Massachusetts Issues Final Regulations Under New Paid Family And Medical Leave Law
The Massachusetts Department of Family and Medical Leave (“DFML”) recently published final regulations governing the administration of employee leave under the soon-to-be-effective Massachusetts Paid Family and Medical Leave (“PFML”) statute.
The final regulations include several important changes from the earlier proposed regulations, including provisions affecting private plan exemptions, covered workers with multiple employers, and how employer-provided leave interacts with PFML.
Summary Of PFML Law
Starting in 2021, employers throughout Massachusetts will be required to provide up to 26 weeks of paid, job-protected leave annually to their employees (and in some cases, to independent contractors) for certain family-related or medical reasons:
- Up to 12 weeks of paid family leave may be taken to care for a family member with a serious health condition, bond with a newborn child, bond with a child after adoption or foster care placement, or manage family affairs when a family member is on active duty in the armed forces.
- Up to 20 weeks of paid medical leave may be taken to manage an employee’s own serious health condition, including chronic conditions, requiring treatment by a health care provider.
- Up to 26 weeks of paid family leave may be taken to care for a family member who is a covered service member undergoing medical treatment, or otherwise to address consequences of a serious health condition relating to the family member’s military service.
The weekly benefit amount for an employee on PFML will be determined through a formula based on both the employee's average weekly wage and the average weekly wage throughout Massachusetts. The initial maximum weekly benefit amount will be capped at $850, with this number to be adjusted annually.
Payments will be made through a special state trust fund, which will be funded through mandated payroll tax contributions by employers and employees. Alternatively, an employer may obtain an exemption from participation in the trust fund by adopting an approved private plan providing equally (or more) favorable PFML benefits to its employees.
Highlights Of Final Regulations
Some of the most significant provisions of the final PFML regulations are outlined below.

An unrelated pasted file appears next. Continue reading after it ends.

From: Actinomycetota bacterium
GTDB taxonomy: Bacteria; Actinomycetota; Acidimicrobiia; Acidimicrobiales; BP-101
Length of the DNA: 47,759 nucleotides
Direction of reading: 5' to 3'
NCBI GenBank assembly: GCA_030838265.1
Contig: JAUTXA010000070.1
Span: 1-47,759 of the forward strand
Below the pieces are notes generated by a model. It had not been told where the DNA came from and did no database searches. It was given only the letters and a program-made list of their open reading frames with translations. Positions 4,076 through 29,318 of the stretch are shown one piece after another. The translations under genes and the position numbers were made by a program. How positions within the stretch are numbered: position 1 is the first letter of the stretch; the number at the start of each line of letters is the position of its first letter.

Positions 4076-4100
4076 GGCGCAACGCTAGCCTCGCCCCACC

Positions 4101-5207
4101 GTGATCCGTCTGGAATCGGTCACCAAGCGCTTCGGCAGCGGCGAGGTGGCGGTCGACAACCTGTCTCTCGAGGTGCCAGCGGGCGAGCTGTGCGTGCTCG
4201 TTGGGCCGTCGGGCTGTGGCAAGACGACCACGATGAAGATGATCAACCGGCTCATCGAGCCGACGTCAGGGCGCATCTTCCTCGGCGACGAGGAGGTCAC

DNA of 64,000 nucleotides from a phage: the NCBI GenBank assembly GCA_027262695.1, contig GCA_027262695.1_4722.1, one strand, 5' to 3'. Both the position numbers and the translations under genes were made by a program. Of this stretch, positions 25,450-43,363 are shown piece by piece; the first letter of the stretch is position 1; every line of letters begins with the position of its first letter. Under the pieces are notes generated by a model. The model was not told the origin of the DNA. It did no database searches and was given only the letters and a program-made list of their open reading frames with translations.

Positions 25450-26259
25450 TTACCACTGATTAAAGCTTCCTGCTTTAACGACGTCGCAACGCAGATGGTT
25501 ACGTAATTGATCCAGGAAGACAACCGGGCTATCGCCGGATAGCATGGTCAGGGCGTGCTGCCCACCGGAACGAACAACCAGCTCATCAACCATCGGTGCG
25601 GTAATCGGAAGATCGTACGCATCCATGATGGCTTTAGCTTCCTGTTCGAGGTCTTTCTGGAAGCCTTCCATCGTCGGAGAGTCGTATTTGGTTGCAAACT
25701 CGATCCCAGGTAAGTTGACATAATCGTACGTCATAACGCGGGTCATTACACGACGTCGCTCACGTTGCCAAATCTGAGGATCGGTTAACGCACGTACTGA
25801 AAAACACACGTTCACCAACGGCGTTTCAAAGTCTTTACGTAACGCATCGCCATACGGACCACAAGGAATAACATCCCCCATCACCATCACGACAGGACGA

The final regulations clarify that an employer with an approved private plan exemption must make coverage available to covered employees by their dates of hire. Employers are permitted to require employees to provide verification of wages earned in Massachusetts in order to determine whether they are eligible for PFML.
The regulations further clarify that an employer with a private plan exemption must make sure that covered workers do not experience any gaps in coverage due to the employer’s decision to use a private plan, rather than the state trust fund. To that end, when an employee files for PFML benefits through the state trust fund, the DFML will pay leave benefits for the entire duration of the leave, even if the employer transfers from the state fund to a private plan during the employee’s leave. Similarly, when an employee begins PFML under a private plan, the private plan must pay for the benefits for the entire duration of the employee’s leave, even if the employer transfers from the private plan to the state trust fund during the leave.
Additionally, the final regulations address PFML applications by individuals who are currently unemployed but were recently employed by an employer with a private plan exemption. In such an instance, the individual may apply for PFML benefits from his or her former employer, so long as the separation from employment occurred within the preceding 26 weeks. If an individual has found new employment, however, then the individual must apply for PFML benefits from his or her new employer.
Individuals With Multiple Employers